Author: Stephen F. Knott
Release Date: 2002
Genre: Biography & Autobiography
"Knott observes that Thomas Jefferson and his followers, and, later, Andrew Jackson and his adherents, tended to view Hamilton and his principles as "un-American." While his policies generated mistrust in the South and the West, where he is still seen as the founding plutocrat, Hamilton was revered in New England and parts of the mid-Atlantic states. Hamilton's image as a champion of American nationalism caused his reputation to soar during the Civil War, at least in the North. However, in the wake of Gilded Age excesses, progressive and populist political leaders branded Hamilton as the patron saint of Wall Street, and his reputation began to disintegrate."--BOOK JACKET.
Author: Peter R. Knauss
Publisher: Greenwood Publishing Group
Release Date: 1987
Genre: Family & Relationships
This sociopolitical study shows why patriarchy has been the dominant pattern in Algeria, in spite of colonialism, revolutionary war, and the implementation of state socialism after independence. Knauss carefully analyzes Algerian class formation, ideology, and gender relations, and then demonstrates how these factors decisively influenced the persistence of patriarchy as well as the status of women. To further enhance this model historical drama, there are interviews with former President Ahmed Ben Bella, Berber activist Hocine Ait Ahmed, and exiled socialist Mohammed Boudiaf.
Author: Vincent N. Paul
Publisher: Xulon Press
Release Date: 2005-11
Paul is an author who knows the meaning of persistence. This encouraging bookurges readers to never give up and to discover how to persist and reach theirlong-awaited dreams and miracles. (Christianity)
Author: Bradley J. Nelson
Publisher: University of Toronto Press
Release Date: 2010
The Persistence of Presence analyzes the relationship between emblem books, containing combinations of pictures and texts, and Spanish literature in the early modern period. As representations of ideas and ideals, emblems are allegories produced in a particular place and time, and their study can shed light on the central cultural and political activities of an era. Bradley J. Nelson argues that the emblem was a primary indicator of the social and political functions of diverse literary practices in early modern Spain, from theatre to epic prose. Furthermore, the disintegration of a unified medieval world view left many seeking the kinds of deep knowledge that could be accessed through symbolic pictures, increasing their cultural significance. In this detailed examination of emblem books, sacred and secular theatre, and Cervantes' critique of baroque allegory in Los trabajos de Persiles y Sigismunda, Nelson connects the early history of emblematics with the drive towards cultural and political hegemony in Counter-Reformation Spain.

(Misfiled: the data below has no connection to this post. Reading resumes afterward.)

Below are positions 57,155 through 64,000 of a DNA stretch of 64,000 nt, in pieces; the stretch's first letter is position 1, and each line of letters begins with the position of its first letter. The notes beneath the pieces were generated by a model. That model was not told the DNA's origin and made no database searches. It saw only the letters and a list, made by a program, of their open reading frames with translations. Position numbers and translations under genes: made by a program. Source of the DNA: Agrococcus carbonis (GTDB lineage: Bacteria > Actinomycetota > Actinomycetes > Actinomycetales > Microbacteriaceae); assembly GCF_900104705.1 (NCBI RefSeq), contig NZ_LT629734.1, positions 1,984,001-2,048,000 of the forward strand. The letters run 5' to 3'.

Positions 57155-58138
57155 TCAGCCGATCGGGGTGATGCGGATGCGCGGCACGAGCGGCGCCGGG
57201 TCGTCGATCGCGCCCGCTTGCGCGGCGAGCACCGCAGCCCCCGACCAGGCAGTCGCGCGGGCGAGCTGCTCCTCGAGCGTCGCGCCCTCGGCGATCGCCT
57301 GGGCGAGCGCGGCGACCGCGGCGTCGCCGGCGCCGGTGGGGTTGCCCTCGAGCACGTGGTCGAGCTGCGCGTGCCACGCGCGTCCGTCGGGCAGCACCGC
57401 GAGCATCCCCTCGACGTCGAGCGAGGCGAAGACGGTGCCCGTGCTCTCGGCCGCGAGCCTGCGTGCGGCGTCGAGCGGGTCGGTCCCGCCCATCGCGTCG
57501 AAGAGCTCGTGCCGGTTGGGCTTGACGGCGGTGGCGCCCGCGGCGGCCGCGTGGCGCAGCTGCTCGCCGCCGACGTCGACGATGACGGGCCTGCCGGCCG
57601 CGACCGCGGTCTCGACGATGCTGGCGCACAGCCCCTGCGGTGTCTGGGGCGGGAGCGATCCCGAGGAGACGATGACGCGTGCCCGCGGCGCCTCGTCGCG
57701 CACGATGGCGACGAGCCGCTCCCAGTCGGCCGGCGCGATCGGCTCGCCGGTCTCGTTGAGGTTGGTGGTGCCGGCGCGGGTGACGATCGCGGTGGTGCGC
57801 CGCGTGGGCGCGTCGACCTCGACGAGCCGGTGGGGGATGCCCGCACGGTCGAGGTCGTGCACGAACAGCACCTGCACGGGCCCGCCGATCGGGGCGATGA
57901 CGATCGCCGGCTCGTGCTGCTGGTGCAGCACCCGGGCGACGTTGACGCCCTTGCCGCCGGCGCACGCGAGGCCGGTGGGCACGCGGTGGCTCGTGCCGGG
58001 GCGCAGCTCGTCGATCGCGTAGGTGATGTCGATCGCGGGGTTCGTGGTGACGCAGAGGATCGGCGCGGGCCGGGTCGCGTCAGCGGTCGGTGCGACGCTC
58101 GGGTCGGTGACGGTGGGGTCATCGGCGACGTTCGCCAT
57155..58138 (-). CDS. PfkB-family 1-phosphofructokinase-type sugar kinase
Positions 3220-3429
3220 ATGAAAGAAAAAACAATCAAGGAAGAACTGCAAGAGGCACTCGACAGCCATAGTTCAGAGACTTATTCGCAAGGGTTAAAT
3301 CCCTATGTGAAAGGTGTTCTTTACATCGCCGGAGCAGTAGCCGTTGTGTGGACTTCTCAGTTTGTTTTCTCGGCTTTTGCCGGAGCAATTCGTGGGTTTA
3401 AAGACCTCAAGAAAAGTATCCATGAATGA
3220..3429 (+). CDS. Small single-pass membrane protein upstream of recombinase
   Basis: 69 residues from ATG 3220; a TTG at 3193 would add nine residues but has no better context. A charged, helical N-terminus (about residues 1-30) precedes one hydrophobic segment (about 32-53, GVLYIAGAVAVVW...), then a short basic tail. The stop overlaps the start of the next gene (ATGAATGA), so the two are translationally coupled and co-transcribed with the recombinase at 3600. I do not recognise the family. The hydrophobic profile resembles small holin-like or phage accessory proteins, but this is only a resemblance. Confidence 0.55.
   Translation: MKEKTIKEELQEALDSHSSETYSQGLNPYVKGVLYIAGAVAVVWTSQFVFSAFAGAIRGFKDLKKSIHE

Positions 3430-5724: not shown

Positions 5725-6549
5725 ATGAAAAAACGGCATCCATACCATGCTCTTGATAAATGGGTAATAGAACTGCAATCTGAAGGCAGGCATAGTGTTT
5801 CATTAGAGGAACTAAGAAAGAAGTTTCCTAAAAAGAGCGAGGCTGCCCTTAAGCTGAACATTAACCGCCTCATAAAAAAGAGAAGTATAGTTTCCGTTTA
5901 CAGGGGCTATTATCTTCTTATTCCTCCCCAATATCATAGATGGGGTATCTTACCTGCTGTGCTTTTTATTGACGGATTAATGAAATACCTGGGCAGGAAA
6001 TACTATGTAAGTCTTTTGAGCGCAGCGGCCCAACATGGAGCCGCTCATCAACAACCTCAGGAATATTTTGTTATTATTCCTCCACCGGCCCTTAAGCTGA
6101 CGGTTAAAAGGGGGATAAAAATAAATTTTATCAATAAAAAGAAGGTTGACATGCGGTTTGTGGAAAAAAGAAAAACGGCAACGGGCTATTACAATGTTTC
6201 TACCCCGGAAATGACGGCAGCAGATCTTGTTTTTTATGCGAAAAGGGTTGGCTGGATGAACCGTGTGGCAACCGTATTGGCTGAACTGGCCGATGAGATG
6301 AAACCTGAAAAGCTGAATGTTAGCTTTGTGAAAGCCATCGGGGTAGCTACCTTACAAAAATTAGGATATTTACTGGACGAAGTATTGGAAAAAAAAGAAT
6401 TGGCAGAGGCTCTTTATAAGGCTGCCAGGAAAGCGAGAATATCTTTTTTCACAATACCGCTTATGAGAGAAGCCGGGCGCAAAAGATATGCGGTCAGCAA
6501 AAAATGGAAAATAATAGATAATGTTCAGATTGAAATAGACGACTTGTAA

Author: William Beard
Publisher: University of Alberta
Release Date: 2000
Genre: Performing Arts
Clint Eastwood represents probably the single strongest icon of heroic masculinity in popular cinema over the past quarter-century. But how odd that, through ironic allusion and gesture, this figure seems continually to deconstruct its own stature. Such problems form the foundation for Bill Beard's examination of Eastwood. Director, producer, and star, Eastwood has become one of the most important figures in American cinema today. This collection of linked essays examines Eastwood's unique position as overpowering cinematic icon and creative filmmaker; as reflector, perpetuator, and even producer of mainstream cultural and ideological values; and as idiosyncratic, complex manipulator of the narrative he inhabits.
Author: Knut Mikjel Rio
Publisher: Berghahn Books
Release Date: 2009
Genre: Political Science
Louis Dumont's concept of hierarchy continues to inspire social scientists. Using it as their starting point, the contributors to this volume introduce both fresh empirical material and new theoretical considerations. On the basis of diverse ethnographic contexts in Oceania, Asia, and the Middle East they challenge some current conceptions of hierarchical formations and reassess former debates, both with regard to new theoretical issues and the new world situation—of post-colonial and neo-colonial agendas, ideas of “democratization” and “globalization,” and expanding market-economies.
Author: Mary Jane Heisey
Publisher: Kent State University Press
Release Date: 2003-01
This work presents material about the Brethren in Christ, a small, little-known religious group. In addition to drawing from official church doctrine, statements and records, it also features a variety of authors in church-related publications, records of congregational life, and archival sources.